Wynnewood (Tennessee)

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Wynnewood State Historic Site
Wynnewood (Tennessee).jpg
Wynnewood (Tennessee) is located in Tennessee
Wynnewood (Tennessee)
Wynnewood (Tennessee) is located in the US
Wynnewood (Tennessee)
Location 205 Old TN 25, Castalian Springs, Tennessee
Coordinates 36°23′39″N 86°18′59″W / 36.39417°N 86.31639°W / 36.39417; -86.31639Coordinates: 36°23′39″N 86°18′59″W / 36.39417°N 86.31639°W / 36.39417; -86.31639
Area 8 acres (3.2 ha)
Built 1828 (1828)
NRHP reference # 71000838
Significant dates
Added to NRHP July 14, 1971[1]
Designated NHLD November 11, 1971[2]

Wynnewood, also known as Castalian Springs, is a historic estate in Castalian Springs, Sumner County, Tennessee. Now administered by the state as the Wynnewood State Historic Site, it includes an 1828 former inn that is the largest existing log structure in Tennessee. The property is operated by the Bledsoe's Lick Association under an agreement with the Tennessee Historical Commission. It was designated a National Historic Landmark in 1971.[3][2]


Wynnewood is located in southeastern Sumner County, on the west side of the hamlet of Castalian Springs, on the south side of Old Highway 25. Set on 8 acres (3.2 ha) overlooking Lick Creek to the north and west, its main feature is a group of six log buildings. The largest of the these, the former inn, is two stories in height and measures 110 by 22 feet (33.5 m × 6.7 m). It is built in an oversized version of the traditional dogtrot house, with two separate white oak log structures joined via a central enclosed space under a common roof. Attached to this main building via a covered back porch atre two kitchens. Other detached buildings, all built of cedar logs, include a smokehouse, office, and 20th-century garage.[4]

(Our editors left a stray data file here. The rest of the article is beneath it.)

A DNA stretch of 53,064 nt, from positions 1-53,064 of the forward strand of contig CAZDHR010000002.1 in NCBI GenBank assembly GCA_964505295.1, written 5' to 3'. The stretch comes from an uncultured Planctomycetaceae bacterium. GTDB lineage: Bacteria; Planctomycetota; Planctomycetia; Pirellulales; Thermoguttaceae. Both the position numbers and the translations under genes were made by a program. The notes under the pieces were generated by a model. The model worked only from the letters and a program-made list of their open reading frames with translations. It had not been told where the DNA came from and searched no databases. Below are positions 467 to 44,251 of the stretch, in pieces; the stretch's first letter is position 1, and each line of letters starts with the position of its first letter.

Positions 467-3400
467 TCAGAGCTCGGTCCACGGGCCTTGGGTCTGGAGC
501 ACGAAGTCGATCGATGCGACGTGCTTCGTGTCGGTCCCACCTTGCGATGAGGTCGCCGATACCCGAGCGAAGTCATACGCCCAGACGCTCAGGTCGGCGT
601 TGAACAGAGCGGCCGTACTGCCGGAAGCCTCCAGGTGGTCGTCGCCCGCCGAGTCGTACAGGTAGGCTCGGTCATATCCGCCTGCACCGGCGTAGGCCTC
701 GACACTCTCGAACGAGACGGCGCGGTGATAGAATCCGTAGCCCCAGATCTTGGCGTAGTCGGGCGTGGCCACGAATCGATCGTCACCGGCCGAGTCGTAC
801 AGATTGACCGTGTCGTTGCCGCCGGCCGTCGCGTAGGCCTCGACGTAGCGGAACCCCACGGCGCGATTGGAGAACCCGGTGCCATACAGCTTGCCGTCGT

The main building was built in 1828 by A. R. Wynne, William Cage, and Stephen Roberts, to serve as a stagecoach inn for travelers between Nashville and Knoxville, and for people taking the waters of the nearby sulphur springs. In 1834, Wynne purchased his partners' shares in the property and moved into the inn with his family, where he resided until his death in 1893.[4] The property was purchased from the Wynne family by the state in 1970 and developed as a historic site.

On February 5, 2008, during the 2008 Super Tuesday tornado outbreak, Wynnewood suffered major damage to much of the second story, roof, and trees on the property.[3] It re-opened to the public on July 4, 2012 after a four-year, $4 million restoration project funded by the Federal Emergency Management Agency (FEMA), insurance proceeds, and the state government of Tennessee. More of the property is now open to the public than was the case before the tornado.[3]

See also[edit]


  1. ^ National Park Service (2008-04-15). "National Register Information System". National Register of Historic Places. National Park Service. 
  2. ^ a b "Wynnewood". National Historic Landmark summary listing. National Park Service. Retrieved 2008-06-29. 
  3. ^ a b c "Wynnewood State Historic Site Slated to Reopen July 4" (press release). Tennessee state government. July 2, 2012. Retrieved March 16, 2014. 
  4. ^ a b W. B. Morton III (August 14, 1971). "National Register of Historic Places Inventory-Nomination: Castalian Springs (Wynnewood)" (pdf). National Park Service.  and Accompanying six photos, exterior and interior, from 1971 and undated (32 KB)

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